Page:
Archive for December, 2010

Floppy disk sticky notes

December 9th, 2010 2:05 PM
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Shopping for the Apple II user in your life? For less than $100, you can get a Uthernet network card, a Focus IDE interface card, every issue of Softdisk G-S ever. Each of these is a significant and invaluable gift — but you may want to pick up something smaller and simpler from a mainstream retail outlet to stuff in a stocking.

For that need, I recommend floppy disk sticky notes.

Floppy disk sticky notes

Image courtesy Burak Kaynak

This unique stationery is designed Burak Kanyak with attention to authentic detail. Whereas standard Post-it notes measure 3" square, these pads, like actual floppy disks, measure 3.625" tall and 3.5" wide, replicating the look and feel of when being able to hold 800K of data meant not needing three 5.25" disks. Each of the pack's three pads has fifty sheets, providing ample opportunity to leave 150 floppy notes and labels in your home, work, vehicle, or wherever a gentle reminder is needed, at an average cost of less than ten cents each (plus shipping).

For a retrocomputing enthusiast who still relies on this ancient medium, these notes are the perfect gift — as long as they don't end up accidentally inserted into a floppy drive!

(Hat tip to TheDieline.com and Jason Scott)

A computer history tour with Woz

December 6th, 2010 10:49 AM
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The Computer History Museum in Mountain View, California, will unveil in January 2011 an exhibit entitled "Revolution: The First 2000 Years of Computing". The press got a sneak peek last week, with their tour guide being a historical figure himself: no less than Steve Wozniak.

Imagine what an experience that must've been! Seeing the computers that launched an industry and revolutionized a world, described by the man who was there to make it happen. Such narration should be captured and offered as an audio tour to future visitors of the museum.

Fortunately, this rare experience was documented by the many journalists in attendance. Harry McCracken of Technologizer.com took several photos, focusing more on his tour guide than on the exhibit himself. Along the way, Woz commented on several computers that influenced his design of the Apple II, even stopping to pose with some of his own creations that are included in the museum.

As the group walked among machines capable of so little compared to today's computing behemoths, McCracken observed that Woz "again and again … came back to praising engineering minimalism — accomplishing a task with the fewest possible parts and the simplest possible code." It's a design philosophy that I expect is shared among many Apple II developers to this day. For example, in an interview with Juiced.GS in December 2009, Alex Freed of Carte Blanche fame said, "Electronic design is my day job and I work with considerably more advanced devices, but some ideas from the Apple II days are still valid. For example, I always try to find a way to use minimum hardware to do the job."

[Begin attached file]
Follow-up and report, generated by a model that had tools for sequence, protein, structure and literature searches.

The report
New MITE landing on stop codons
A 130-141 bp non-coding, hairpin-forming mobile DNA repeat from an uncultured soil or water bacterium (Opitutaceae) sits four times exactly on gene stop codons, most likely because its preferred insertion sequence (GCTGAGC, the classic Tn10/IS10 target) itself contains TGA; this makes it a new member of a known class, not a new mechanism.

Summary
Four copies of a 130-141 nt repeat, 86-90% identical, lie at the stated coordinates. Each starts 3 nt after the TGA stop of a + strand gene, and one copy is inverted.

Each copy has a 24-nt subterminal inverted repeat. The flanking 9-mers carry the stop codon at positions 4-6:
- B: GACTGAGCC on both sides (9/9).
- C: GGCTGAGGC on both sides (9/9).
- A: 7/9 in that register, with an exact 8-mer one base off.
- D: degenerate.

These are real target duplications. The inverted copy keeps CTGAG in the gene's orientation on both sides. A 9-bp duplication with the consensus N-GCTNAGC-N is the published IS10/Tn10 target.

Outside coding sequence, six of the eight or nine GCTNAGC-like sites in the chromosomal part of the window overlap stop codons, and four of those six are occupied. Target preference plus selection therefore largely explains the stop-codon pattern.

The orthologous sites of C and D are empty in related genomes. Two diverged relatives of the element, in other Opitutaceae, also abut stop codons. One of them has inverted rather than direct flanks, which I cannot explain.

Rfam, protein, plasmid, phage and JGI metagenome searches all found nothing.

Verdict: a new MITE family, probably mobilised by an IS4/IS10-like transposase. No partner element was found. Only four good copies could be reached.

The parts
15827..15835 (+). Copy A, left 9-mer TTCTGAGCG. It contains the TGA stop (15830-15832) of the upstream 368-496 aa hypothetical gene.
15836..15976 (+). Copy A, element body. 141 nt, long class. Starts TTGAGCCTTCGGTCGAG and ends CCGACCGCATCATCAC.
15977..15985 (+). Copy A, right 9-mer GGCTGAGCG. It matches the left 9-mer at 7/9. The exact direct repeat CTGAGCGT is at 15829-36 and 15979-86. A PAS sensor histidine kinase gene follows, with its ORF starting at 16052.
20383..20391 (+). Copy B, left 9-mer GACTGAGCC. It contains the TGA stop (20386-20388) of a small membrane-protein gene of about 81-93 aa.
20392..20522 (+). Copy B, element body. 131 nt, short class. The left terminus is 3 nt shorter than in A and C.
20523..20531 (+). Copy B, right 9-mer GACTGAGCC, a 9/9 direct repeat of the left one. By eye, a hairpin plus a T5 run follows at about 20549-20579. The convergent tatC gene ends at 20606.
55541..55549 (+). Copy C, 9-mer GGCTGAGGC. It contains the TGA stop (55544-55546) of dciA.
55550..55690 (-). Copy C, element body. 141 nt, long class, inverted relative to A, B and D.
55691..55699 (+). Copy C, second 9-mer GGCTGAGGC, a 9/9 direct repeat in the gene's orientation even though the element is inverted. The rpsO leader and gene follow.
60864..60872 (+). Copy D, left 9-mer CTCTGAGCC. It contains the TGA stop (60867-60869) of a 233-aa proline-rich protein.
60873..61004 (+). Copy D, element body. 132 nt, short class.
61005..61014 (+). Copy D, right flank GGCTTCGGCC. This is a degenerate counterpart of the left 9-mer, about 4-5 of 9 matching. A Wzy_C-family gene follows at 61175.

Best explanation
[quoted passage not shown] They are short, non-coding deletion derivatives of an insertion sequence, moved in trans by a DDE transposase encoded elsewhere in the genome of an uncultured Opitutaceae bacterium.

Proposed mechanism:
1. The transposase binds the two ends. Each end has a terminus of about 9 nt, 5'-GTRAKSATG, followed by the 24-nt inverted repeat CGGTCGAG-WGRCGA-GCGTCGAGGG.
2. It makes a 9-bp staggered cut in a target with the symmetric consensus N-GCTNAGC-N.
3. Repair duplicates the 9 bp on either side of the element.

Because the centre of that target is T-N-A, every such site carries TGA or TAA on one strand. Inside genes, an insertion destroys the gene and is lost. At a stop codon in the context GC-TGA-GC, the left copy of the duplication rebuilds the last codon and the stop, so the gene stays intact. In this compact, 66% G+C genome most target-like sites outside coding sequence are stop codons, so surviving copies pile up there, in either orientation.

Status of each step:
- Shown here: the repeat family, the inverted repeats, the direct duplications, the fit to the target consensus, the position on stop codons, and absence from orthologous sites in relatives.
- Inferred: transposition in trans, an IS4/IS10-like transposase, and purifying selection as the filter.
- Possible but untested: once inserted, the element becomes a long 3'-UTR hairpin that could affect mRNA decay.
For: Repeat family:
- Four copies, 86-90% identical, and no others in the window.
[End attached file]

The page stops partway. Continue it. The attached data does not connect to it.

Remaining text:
For the Mercury News, David Cassidy provided more prose than photos and was more reflective than reportorial, wondering if Steve Wozniak isn't more deserving of the fame and adoration that is normally heaped upon Apple's other co-founder, Steve Jobs.

And Robert Scoble has a 360-degree panoramic photograph taken as Woz was presenting before an original Apple-1.

UPDATE: Therese Poletti shares this video from the tour:

UPDATE 2: Mark Milian at CNN also has a video:

UPDATE 3: Peter Watson pointed me to this series of videos from ZDNet:

Woz seems to be everywhere these days, but one has to make onself available to such opportunities. The Computer History Museum is one of many historical sites throughout Silicon Valley that I would be thrilled to see. My employer, Computerworld, has its offices in Framingham, Massachusetts, about an hour west of Boston. But we're affiliated with both PC World and Macworld, which make their home in San Francisco. Computerworld has at least one employee in that location, and I can't help but think that maybe it'd be mutually beneficial for me to be the second.

The music of the ImageWriter

December 2nd, 2010 7:16 PM
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Chiptune music — the use of retrocomputing hardware to synthesize original melodies — is not a new phenomenon … but the creativity of artists seeking to use classic computers to produce these tunes never ceases to amaze me.

An example I recently stumbled across is by Man or Astro-man?, a surf rock group founded in Alabama in 1992 and reunited in 2010. Their 2000 album A Spectrum of Infinite Scale features a track entitled "A Simple Text File". Although Man or Astro-man? is not a chiptune band, their music video for this piece is something any Apple II user can be proud of:

What makes this piece so imaginative is that it's essentially a self-playing piece of hardware; once initiated, it requires no software or human intervention. Granted, the hardware featured above received its print command from a piece of software, but the result is more reliant on the hardware than on user input, making it an entirely different kind of creativity from that of, say, 8 Bit Weapon, who acquired and remastered Michael J. Mahon's Apple II DMS music software to help them get the most out of their instruments. It's two equally dedicated approaches to delighting the retrocomputing enthusiast.

For a less Apple II-centric example of musical hardware, check out this rendition of Queen's "Bohemian Rhapsody", performed by an Adaptec 2940UW SCSI card, a TI-99/4A with tape drive, an HP ScanJet 3C, and an Eico oscilloscope, among other pieces of equipment:

Which of these performances would you buy tickets to see?

(Hat tip to Stavros Karatsoridis and Shark Bait)